SHATTUCK'S TAX FACTS
Making income tax less taxing – Part 7
by Alan Shattuck, CRTP
March 11, 2014
• Court ruling makes major change in tax filings
• Are you considered single, married or the head of household? Are you really sure?
On June 26, 2013 the United States Supreme Court issued its decision in United States v. Windsor. This decision invalidated a key provision of the 1996 Defense of Marriage Act. The U.S. Department of the Treasury and the Internal Revenue Service (IRS) ruled on August 29, 2013 under IR-2013-72 that same-sex couples, legally married in jurisdictions that recognize their marriages, will be treated as married for federal tax purposes. The ruling applies regardless of whether the couple lives in a jurisdiction that recognizes same-sex marriage or a jurisdiction that does not recognize same-sex marriage.
You have started to collect all your income tax paperwork for 2013 (You know, W-2s, 1099’s, 1098’s, tax bills, letters from charitable organizations, etc). Have you stopped to determine what your income tax rate is? Do you qualify for tax credits? Are any credits refundable?
For federal tax purposes, the IRS looks to state or foreign law to determine whether individuals are married. The IRS has a general rule recognizing a marriage of same-sex spouses that was validly entered into a domestic or foreign jurisdiction whose laws authorize the marriage of two individuals of the same sex even if the married couple resides in a domestic or foreign jurisdiction that does not recognize the validity of same-sex marriages.
How can all this affect my filing status?
It is necessary to use the correct filing status when filing your income tax return. It can impact the tax benefits you receive, the amount of your standard deduction and the amount of taxes you pay. It may even impact whether you must file a federal income tax return. The current law has been modified for same-sex couples. The question now becomes how that relationship is defined for federal tax purposes.
The changes in the Revenue Ruling 2013-17, referred to above, do not affect Registered Domestic Partners (RDP) and Individuals in Civil Unions.
The definition of RDP is individuals of the same sex and opposite sex who are registered domestic partnerships, civil unions or other similar formal relationships that are not marriages under state law.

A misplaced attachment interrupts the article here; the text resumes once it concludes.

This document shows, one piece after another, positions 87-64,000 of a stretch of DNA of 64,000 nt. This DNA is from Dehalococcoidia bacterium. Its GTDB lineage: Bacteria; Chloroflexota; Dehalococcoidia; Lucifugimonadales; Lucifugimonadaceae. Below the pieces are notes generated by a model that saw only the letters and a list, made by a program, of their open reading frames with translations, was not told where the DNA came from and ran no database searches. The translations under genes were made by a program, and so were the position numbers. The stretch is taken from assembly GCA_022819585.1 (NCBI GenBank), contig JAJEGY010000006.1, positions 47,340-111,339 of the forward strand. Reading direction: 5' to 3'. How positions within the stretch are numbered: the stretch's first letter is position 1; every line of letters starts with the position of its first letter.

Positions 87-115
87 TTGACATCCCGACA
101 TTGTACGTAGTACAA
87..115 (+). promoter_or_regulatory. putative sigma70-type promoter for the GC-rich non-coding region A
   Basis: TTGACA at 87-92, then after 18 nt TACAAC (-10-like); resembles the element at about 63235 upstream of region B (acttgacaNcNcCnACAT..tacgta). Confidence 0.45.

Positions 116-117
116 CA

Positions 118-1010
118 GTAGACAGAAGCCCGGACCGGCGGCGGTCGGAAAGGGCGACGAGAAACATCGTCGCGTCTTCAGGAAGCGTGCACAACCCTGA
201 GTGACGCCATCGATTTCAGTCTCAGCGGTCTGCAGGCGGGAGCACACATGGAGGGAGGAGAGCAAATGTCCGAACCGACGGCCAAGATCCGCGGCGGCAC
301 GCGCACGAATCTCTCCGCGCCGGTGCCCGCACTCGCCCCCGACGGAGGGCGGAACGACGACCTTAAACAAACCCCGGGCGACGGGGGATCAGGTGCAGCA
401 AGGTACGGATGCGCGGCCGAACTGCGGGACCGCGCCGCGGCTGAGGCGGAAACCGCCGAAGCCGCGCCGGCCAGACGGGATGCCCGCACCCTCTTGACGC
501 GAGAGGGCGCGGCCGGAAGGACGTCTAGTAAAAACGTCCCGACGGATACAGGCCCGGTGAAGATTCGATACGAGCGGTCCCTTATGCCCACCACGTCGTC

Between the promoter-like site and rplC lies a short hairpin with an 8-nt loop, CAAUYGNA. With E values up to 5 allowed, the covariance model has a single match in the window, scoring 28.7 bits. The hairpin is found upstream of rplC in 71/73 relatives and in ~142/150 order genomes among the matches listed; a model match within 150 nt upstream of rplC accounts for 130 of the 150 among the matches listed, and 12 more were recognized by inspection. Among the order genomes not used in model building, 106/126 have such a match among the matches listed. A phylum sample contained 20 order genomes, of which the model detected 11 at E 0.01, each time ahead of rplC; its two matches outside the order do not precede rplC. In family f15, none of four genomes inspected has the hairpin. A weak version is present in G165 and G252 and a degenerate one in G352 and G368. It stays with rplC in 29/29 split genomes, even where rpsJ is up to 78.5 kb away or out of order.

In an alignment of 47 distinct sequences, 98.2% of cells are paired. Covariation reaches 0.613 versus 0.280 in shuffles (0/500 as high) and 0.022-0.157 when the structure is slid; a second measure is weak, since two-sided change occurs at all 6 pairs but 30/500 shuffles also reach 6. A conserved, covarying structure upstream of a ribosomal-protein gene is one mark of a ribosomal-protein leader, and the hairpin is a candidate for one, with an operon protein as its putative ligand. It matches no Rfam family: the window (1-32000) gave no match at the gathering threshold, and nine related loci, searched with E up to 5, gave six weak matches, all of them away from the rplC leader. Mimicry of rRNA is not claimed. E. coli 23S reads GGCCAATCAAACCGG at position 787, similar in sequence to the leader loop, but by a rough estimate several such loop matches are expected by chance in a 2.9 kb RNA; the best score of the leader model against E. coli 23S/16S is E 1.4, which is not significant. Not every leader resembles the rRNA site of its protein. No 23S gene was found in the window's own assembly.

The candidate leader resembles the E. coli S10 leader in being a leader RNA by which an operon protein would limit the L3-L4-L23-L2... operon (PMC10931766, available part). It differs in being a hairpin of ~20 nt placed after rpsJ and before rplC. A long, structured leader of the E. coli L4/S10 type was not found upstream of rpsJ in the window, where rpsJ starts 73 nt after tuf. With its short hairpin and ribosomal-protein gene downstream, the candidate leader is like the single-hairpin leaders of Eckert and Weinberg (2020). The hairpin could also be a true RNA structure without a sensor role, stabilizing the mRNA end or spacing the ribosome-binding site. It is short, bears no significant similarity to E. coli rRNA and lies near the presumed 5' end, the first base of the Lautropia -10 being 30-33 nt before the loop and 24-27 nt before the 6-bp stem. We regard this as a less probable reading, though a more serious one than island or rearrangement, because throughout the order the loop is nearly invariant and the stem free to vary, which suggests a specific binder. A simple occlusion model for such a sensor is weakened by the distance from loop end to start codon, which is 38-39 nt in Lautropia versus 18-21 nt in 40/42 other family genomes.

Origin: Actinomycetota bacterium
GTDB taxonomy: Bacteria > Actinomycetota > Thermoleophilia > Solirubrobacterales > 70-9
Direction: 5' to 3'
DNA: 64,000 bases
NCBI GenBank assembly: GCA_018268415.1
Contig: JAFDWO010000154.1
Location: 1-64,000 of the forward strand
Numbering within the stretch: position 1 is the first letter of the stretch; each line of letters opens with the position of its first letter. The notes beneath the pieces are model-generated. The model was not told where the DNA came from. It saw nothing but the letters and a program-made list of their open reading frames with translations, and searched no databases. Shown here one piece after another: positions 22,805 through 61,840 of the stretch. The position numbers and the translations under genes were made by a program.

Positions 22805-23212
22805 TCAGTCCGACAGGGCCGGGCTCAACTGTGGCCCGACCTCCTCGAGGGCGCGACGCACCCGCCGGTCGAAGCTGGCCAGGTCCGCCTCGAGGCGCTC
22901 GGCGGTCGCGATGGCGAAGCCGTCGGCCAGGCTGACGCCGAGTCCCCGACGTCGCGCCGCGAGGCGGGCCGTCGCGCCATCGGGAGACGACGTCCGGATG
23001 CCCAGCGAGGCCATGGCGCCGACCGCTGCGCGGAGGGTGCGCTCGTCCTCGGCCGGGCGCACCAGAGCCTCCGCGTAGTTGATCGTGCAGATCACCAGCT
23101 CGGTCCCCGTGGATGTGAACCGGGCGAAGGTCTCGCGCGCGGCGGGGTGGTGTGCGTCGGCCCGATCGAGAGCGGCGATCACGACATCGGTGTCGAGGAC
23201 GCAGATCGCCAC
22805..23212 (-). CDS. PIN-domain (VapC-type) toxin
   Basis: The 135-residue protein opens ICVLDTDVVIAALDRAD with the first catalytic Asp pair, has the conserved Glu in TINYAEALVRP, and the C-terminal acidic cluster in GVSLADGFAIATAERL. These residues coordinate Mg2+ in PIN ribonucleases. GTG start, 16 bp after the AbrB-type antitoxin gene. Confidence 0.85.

The definition of marriage is expanded to recognize the union of two spouses of the same-sex that were validly entered into in a domestic or foreign jurisdiction whose laws authorize the marriage of two individuals of the same sex even if the married couple resides in a domestic or foreign jurisdiction that does not recognize the validity of same-sex marriages.
Based on this new information, ask this question again. Are you considered single, married or the head of household? There are actually five filing statuses on the federal income tax return. If more than one filing status fits you, choose the one that allows you to pay the lowest taxes. The filing statuses are as follows:
1. Single – This status generally applies if you are not married, divorced or legally separated according to state law under a decree of divorce or separate maintenance. If, at the end of 2013, the divorce was not final (an interlocutory decree), you are considered married and cannot claim “Single” status. You were widowed before January 1, 2013, and did not remarry before the end of 2013. If you have a dependent child, you may be able to use the “Qualifying widow(er) filing status. See below.
This is also the status that generally applies to the RDP or Civil unions referred to above.
2. Married Filing Jointly (even if only one had income) – Your marital status on the last day of the year, December 31, 2013, is your marital status for the entire year. If your spouse died during the year, you usually may still file a joint return with the decedent for that year if you have not remarried during 2013. Once you file a joint return, you cannot choose to file separate returns for that year after the due date of the return. If you file a joint return, both you and your spouse are generally responsible for the tax and interest, and/or penalties due on the return. This is referred to as joint and several liability.